While its title refers to the successful evacuation of some 7,000 Jews from Denmark to neutral Sweden on the eve of their arrest and deportation by the occupying Nazis in 1943, A DAY IN OCTOBER focuses on the plight of one particular family as they face this historic event.
Denmark would seem to be an exceptional case in occupied Europe. First, it was ruled not by the German Army or the dreaded SS, but by the officials of the Foreign Ministry who ruled with kid gloves for some time. The country also did not have a deep tradition of extreme right-wing politics like
France or of anti-Semitism like Poland. There is also a hint of links to high-ranking anti-Nazis in the complex realm of German officialdom. Most of this material is missing from A DAY IN OCTOBER, which rather suggests that the rescue operation was improvisational, though one would think that the
arrival of several thousand refugees on Swedish shores practically overnight would involve some preparation.
The Kublitz family appear well-off Danish Jews: father Solomon (Daniel Benzali) works as a bookkeeper at the local radio-parts factory while his young daughter Sara (Kelly Wolf) works at a nearby cinema. That cinema becomes the site of the prankish act of a group of saboteurs when they jam a
genuine Nazi newsreel and substitute a looped version of a sequence from TRIUMPH OF THE WILL that has Storm Troopers and SS men marchingn backwards and forwards doing the "Lambeth Walk." Headed by Niels Jensen (D.B. Sweeney), the saboteurs quickly advance to more ambitious projects.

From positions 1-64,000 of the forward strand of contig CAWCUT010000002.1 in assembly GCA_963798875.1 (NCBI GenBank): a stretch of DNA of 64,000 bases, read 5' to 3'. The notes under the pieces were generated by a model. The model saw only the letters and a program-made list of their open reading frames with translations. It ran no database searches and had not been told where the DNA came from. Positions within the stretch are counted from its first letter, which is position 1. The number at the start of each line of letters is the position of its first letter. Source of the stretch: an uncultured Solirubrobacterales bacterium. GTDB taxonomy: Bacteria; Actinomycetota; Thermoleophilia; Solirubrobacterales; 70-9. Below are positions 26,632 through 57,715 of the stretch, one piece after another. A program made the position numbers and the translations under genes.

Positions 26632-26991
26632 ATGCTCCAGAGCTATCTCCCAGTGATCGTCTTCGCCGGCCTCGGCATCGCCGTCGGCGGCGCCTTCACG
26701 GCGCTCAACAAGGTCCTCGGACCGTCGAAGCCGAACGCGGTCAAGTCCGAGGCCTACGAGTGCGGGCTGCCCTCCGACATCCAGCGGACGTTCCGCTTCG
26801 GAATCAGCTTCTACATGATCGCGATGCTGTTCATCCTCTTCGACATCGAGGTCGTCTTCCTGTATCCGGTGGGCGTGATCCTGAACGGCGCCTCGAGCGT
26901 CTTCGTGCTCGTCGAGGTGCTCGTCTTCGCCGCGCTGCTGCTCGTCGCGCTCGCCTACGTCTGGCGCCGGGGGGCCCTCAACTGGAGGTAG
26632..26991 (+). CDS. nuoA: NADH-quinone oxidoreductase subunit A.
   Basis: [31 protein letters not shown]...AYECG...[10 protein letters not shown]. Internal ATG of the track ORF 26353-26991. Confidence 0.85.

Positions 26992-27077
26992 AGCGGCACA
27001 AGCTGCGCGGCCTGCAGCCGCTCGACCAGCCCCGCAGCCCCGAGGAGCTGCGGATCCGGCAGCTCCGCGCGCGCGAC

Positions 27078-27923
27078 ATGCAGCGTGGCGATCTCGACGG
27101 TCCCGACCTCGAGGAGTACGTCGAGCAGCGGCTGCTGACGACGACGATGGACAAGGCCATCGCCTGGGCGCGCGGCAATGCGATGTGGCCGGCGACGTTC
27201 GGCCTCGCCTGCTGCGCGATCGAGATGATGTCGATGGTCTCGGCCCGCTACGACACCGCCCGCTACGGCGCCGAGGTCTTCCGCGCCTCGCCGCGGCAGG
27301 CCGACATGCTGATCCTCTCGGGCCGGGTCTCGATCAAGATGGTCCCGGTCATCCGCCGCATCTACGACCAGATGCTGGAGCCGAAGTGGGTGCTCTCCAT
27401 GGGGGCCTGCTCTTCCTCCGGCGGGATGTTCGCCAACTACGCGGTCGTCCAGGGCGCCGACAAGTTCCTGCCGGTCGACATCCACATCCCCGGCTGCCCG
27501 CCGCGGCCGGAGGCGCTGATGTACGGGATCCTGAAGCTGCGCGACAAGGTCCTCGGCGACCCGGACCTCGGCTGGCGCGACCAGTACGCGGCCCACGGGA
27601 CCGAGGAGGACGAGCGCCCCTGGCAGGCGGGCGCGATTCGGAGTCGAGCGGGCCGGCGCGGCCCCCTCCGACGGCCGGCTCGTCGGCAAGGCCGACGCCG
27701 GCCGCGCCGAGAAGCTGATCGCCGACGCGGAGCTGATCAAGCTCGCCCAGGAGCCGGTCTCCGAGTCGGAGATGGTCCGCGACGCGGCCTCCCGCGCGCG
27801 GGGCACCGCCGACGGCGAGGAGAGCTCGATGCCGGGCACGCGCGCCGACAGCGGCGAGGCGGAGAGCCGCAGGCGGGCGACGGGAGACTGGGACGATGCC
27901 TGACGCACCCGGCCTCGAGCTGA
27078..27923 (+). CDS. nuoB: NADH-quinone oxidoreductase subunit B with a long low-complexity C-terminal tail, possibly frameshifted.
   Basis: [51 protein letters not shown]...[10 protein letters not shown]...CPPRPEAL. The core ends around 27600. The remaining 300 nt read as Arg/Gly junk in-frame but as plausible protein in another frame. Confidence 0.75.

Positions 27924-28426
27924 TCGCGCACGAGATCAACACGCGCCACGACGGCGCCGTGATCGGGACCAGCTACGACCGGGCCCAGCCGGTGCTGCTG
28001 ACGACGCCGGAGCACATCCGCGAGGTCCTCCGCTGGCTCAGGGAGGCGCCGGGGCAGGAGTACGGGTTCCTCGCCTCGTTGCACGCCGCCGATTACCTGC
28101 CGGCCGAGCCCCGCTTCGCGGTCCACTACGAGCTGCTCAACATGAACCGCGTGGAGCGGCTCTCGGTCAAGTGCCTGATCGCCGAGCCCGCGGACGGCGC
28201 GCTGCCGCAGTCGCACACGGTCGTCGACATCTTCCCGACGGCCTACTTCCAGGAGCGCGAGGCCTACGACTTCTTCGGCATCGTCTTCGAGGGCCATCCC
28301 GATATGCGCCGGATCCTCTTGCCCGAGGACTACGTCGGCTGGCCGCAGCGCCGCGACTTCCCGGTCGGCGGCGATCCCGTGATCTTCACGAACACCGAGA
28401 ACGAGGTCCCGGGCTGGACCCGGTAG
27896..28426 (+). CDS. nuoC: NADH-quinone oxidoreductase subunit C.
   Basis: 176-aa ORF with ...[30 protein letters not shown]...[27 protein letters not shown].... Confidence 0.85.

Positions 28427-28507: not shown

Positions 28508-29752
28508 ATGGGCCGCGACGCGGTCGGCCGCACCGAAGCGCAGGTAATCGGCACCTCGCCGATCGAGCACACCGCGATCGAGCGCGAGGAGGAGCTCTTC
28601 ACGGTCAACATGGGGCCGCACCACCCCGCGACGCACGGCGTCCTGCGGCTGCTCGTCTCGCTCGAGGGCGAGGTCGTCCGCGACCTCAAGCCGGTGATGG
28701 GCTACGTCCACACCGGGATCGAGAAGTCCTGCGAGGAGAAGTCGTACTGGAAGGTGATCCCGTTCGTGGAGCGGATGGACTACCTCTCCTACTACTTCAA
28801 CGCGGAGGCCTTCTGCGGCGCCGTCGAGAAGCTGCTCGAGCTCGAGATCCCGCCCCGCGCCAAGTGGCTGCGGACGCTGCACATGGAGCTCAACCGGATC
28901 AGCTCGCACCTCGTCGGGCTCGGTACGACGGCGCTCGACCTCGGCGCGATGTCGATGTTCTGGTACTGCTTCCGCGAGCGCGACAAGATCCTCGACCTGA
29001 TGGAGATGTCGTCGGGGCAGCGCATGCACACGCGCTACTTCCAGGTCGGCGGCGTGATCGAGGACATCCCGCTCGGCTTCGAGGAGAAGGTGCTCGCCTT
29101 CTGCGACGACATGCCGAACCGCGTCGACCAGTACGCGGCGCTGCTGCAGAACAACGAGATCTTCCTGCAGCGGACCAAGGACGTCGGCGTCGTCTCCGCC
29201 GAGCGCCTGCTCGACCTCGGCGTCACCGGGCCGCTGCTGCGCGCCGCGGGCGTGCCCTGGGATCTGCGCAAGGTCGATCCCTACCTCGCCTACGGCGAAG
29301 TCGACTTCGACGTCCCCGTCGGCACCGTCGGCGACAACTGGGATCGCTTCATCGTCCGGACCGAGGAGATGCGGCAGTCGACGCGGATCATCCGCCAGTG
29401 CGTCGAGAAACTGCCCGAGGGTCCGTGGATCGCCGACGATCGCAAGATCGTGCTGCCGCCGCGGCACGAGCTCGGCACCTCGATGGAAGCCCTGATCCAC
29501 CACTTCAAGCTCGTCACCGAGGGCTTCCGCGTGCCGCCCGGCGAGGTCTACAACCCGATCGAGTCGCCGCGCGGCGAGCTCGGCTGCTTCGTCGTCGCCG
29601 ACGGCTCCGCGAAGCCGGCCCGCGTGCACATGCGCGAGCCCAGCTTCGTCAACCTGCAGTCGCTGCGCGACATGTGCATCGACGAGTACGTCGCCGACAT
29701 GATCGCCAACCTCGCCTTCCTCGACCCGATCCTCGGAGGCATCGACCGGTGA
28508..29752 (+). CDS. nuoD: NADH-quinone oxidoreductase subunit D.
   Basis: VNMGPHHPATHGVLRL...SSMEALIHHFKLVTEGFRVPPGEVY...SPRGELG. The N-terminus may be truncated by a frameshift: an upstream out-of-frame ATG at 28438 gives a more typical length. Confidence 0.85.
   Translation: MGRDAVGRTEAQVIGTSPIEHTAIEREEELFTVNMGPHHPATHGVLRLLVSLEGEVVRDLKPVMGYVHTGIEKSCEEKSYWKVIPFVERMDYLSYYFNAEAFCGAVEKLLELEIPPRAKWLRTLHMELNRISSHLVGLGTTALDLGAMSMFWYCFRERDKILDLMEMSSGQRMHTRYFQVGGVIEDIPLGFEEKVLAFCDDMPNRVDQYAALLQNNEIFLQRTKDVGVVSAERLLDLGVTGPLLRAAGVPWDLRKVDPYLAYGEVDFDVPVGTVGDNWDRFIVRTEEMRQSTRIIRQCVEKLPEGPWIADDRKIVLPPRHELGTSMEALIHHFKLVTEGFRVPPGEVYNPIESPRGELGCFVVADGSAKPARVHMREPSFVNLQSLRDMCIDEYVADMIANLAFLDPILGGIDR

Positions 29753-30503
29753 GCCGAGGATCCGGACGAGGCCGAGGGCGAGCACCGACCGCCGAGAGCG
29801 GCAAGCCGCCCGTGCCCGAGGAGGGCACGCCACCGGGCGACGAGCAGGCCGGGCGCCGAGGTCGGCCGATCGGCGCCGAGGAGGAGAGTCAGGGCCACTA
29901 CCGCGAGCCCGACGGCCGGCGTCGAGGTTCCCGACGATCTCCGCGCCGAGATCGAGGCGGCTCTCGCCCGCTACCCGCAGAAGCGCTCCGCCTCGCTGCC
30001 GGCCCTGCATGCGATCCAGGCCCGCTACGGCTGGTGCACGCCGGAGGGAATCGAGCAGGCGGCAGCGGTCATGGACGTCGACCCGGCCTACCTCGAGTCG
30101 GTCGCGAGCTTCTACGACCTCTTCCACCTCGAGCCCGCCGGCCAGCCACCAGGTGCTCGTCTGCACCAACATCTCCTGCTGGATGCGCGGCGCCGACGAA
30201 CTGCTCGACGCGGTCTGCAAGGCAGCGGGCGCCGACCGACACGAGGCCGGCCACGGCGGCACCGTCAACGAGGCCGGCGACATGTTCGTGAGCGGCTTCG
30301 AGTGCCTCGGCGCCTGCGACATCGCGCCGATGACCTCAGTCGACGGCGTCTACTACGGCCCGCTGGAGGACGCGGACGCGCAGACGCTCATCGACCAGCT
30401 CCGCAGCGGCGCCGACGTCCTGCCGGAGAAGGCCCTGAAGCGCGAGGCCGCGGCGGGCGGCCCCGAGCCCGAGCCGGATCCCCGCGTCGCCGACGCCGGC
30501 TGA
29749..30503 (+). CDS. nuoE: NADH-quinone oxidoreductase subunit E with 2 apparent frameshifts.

They prepare a primitive bomb disguised in a box of beer bottles. Unfortunately a thirsty worker triggers the bomb prematurely and in the ensuing shootout with German troops, a number of the saboteurs are shot and wounded, but Niels gets away despite a bullet in his shoulder. Sara discovers his
unconscious body and drags him into the family shed. Solomon, meanwhile, frets about the senselessness of the bombing and the possible retaliation by the Germans. Sara's mother, Emma (Tovah Feldshuh), discovers her with the wounded Niels and decides to use her nurse's skills to help him.
At the factory, Solomon witnesses the arrest of the two surviving saboteurs and sees them apparently kept locked in a wing of the plant. Later, in conversation with Sara, he admits that the factory is making weapon parts and agrees to try to contact the pair of prisoners. Feigning a need for
supplies, he gains acccess to the factory wing and discovers that they are already dead and have been propped up as bait in a prepared trap for their comrades.
That realization and Sara's influence persuades Solomon to plant the new bomb Niels has made in a place where it will destroy the weapons production wing. This sabotage coincides with the report that the seizure of all Danish Jews is being planned, so that the Kublitzs' fate now lies in the hands
of Niels Jensen's resistance group. Unfortunately, a local Danish Nazi, Larsen (Ole Lemmeke), whose anti-Semitism has fuelled his suspicion of Kublitz, has taken it upon himself to follow the bookkeeper. Larsen soon confronts Sara in the hiding place she shares with Niels.
Despite very good performances from Benzali and Lemmeke, as respectively the unwilling saboteur and the quiet racist, A DAY IN OCTOBER is a competent collection of cliches. The sly obstruction of German security troops and the occasional unwillingness of troops to insist on the arrest of the odd
Jew was better depicted in George Seaton's THE COUNTERFEIT TRAITOR some thirty years ago. (Violence, adult situations.)
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